I have only used this book for a short time but it has already helped me write more confidently and smoothly.

05 December 2005

Misc: ABC's My Favourite Film

The Australian Broadcasting Corp (ABC) ran a survey called "My Favourite Film" (MFF) and did a (rather cheesy) special last night. The most amusing part is the faux review of the programme by David Stratton after the end credits, where he mentions his Movie Show co-host Margaret Pomeranz's award-winning bit part in "Priscilla, Queen of the Desert" and the dreadful bearded guy in the special.

If the results of MFF are to be believed, then either Australians are closet SF fans or geeks have manipulated the survey because the top ten films are:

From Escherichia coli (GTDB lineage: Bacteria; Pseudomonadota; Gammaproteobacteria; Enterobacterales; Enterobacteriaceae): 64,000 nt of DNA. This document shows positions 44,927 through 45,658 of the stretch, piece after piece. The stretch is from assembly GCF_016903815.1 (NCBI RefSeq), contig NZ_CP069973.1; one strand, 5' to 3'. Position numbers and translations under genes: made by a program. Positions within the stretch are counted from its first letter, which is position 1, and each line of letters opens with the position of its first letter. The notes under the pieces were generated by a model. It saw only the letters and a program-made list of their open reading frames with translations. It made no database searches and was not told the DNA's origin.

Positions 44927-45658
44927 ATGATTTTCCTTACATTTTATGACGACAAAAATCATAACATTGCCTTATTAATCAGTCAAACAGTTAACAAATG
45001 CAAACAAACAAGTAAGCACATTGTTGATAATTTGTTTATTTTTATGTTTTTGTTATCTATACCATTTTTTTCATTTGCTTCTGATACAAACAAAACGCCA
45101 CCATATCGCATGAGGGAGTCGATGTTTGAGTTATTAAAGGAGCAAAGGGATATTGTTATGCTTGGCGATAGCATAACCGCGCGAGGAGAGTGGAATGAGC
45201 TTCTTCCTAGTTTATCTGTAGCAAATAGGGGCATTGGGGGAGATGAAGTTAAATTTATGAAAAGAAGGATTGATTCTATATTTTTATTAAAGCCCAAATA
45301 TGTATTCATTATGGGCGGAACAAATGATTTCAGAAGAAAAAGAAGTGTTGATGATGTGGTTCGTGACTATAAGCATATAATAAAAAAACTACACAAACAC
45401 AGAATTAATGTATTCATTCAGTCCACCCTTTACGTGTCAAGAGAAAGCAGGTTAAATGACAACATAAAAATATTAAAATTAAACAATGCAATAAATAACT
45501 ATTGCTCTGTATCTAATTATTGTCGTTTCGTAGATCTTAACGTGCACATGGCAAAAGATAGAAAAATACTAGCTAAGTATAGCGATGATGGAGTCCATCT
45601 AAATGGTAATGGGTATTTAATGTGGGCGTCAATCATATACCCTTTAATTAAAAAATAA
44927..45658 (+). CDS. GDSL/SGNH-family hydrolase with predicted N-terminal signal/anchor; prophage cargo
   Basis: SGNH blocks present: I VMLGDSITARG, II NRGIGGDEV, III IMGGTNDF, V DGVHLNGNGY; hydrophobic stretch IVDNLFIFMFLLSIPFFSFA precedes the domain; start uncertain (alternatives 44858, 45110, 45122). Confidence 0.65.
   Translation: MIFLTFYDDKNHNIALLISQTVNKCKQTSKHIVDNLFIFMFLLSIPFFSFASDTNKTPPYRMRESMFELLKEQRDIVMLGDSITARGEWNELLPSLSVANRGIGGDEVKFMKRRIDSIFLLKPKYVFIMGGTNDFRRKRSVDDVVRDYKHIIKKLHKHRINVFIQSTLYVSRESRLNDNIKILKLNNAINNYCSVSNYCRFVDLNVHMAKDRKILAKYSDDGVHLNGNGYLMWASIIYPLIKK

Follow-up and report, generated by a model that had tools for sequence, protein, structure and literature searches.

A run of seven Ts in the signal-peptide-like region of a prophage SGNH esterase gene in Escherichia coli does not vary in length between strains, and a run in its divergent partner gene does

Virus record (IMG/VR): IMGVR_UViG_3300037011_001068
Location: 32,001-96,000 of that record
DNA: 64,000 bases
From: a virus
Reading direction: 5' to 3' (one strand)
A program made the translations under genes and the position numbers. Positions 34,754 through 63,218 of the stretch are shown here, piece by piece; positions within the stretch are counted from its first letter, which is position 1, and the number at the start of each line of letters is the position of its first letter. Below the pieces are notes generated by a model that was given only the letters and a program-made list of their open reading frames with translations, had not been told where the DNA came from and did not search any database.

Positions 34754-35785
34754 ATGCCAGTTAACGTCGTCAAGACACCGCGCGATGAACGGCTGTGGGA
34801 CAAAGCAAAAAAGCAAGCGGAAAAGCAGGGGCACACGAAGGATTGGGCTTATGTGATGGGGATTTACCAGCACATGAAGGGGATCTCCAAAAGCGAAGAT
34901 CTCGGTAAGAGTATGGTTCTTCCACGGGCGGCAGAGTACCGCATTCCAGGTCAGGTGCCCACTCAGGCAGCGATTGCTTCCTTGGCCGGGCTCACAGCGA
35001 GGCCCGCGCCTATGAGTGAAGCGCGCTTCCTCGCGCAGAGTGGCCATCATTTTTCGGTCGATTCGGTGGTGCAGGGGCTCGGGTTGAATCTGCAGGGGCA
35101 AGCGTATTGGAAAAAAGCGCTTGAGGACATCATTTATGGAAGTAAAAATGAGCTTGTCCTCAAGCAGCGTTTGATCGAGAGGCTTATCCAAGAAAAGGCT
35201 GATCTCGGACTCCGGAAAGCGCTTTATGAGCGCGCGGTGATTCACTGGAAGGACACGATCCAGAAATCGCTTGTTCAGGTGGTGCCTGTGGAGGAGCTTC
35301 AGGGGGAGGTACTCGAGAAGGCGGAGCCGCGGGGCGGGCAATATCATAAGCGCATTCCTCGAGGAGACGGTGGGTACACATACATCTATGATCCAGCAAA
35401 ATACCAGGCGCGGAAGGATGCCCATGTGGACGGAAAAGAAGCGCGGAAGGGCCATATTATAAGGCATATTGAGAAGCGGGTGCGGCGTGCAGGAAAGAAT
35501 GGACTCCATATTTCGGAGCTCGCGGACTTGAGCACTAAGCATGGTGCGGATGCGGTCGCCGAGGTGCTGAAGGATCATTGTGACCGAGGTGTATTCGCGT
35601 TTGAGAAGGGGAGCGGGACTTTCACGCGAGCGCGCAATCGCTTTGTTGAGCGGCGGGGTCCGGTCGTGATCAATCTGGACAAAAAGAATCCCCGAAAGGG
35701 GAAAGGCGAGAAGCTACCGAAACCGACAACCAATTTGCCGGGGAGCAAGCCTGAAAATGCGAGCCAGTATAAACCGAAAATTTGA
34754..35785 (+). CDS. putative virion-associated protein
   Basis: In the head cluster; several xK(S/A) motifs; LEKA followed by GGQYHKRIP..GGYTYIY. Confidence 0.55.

1. The Lord of the Rings Trilogy
2. Amelie
3. Blade Runner
4. The Shawshank Redemption
5. Donnie Darko
6. Star Wars: Episode IV - A New Hope
7. Pulp Fiction
8. The Princess Bride
9. Gone With The Wind
10. Fight Club

You can find the top 100 on the web site.

04 December 2005

Nethack Death by Carelessness

My female human barbarian was in level 17 when she got jumped by six fire giants in an unlit room. They shouldn't have been a problem normally, except she was burdened, so she used one turn to drop her bag of holding then used another turn to put on her ring of regeneration. These two moves cost her half her hit points. She finished off one giant and caused another one to flee, but caught up in the heat of the moment (I forgot to monitor her HP), she proceeded to fight the remaining giants instead of withdrawing. Death by carelessness, I'm afraid.